Tuesday, November 30, 2004

AM I AN EVANGELICAL? Today I began to question whether or not I want to be identified as an evangelical. Perhaps the political baggage that now weighs upon the identifier is a marker that eclipses the word's historic theological meaning. I have had a number of people ask me to describe what an evangelical is, or wonder openly if evangelicals are all gay-hating bigots.

TIME TO DISTANCE MYSELF FROM EVANGELICALS? Maybe it is time to distinguish myself from the "evangelical" label. "Evangelical" may describe my experience of personal faith encounter and commitment to follow Jesus Christ in exclusive discipleship, but "evangelical" does not describe where that faith takes me in terms of social responsibility and incarnational witness if by "evangelical" you mean identification with a politically homogenous bloc noted for single-issue voting and blurring the separation of church and state. Is anybody else feeling this tension?

2 comments:

  1. Yes, I feel the tension. In Oklahoma (where I live) and in Texas where most of the college students i teach come from, the blind allegiance to "Bush" and the the "Republican" "Conservative" "Christian" "Evangelical" agenda is downright scary.

    I had a student who fasted for four days before the election so, as she said, "my man" can win the election. She told me she had fasted for Bush in 2000. I inquired of her how many times she's fasted for the poor in the past decade - she hadn't. I encouraged her to read Isaiah 58 but I doubt she'll get it.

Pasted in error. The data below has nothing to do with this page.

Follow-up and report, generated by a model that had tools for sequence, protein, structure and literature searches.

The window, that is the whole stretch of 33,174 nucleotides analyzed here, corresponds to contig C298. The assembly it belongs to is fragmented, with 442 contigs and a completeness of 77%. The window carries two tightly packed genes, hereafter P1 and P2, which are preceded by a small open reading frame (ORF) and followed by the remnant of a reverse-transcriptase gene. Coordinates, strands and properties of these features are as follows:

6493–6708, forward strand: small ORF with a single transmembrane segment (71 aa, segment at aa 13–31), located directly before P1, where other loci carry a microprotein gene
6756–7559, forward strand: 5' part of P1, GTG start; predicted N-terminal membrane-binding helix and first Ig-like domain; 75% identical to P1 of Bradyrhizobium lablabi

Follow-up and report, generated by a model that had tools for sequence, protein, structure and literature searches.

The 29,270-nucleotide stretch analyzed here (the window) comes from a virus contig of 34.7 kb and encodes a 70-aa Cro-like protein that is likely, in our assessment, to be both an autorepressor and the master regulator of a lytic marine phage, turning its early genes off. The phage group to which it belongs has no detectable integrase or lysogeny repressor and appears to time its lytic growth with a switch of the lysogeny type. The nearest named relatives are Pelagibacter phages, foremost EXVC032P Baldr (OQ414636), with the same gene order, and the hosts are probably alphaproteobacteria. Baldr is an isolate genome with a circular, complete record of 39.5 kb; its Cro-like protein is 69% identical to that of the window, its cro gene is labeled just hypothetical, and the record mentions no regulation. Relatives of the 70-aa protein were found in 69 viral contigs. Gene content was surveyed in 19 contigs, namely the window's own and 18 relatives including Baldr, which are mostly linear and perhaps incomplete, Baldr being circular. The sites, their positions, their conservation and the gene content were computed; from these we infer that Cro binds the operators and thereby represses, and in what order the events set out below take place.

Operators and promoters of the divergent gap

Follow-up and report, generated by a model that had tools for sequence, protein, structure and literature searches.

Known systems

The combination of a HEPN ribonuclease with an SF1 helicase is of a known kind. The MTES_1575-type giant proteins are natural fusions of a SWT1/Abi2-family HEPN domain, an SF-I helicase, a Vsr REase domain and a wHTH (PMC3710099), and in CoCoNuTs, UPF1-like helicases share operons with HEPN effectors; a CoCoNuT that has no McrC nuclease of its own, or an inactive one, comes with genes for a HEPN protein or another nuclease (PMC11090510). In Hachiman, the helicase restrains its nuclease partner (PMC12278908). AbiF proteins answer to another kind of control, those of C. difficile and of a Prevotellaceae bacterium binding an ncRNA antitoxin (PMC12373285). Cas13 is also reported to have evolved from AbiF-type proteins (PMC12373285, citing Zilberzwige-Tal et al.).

The sad thing is that where you and I feel the tension, the "evangelicals" your describing don't and only have a blind obedience. I saw a picture once of Christian leaders in a city in Germany marching to a Nazi rally carrying the "banner" of the party, the swastika . . . nearly all Texans and Okies would do that today . . . .

    Very scary. Very tense.

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  2. God help me, I'm going to pilfer an idea from a television show.

    "If 1,000,000 moderate gun-control advocates joined the NRA, and I mean just moderates, the entire outlook and opinions of the NRA would change overnight." Sound good? Maybe not.

    But imagine if moderate or progressive evangelicals would shut up about getting lumped together with conservative evangelicals and just change the culture. The world has enough Christian sub-categories, we don't need one more. It's the old Puritan idea -- remaining a part of something we might not agree with in order to purify it from within.

    Sure, Bush is around for four more years. But all the better reason for evangelicals who don't share his ideals to speak out against him amongst our brothers and sisters, rather than run off and start our little neo-evangleical conclave.

    In other words, let's be the salt and the light within the evangelical culture.

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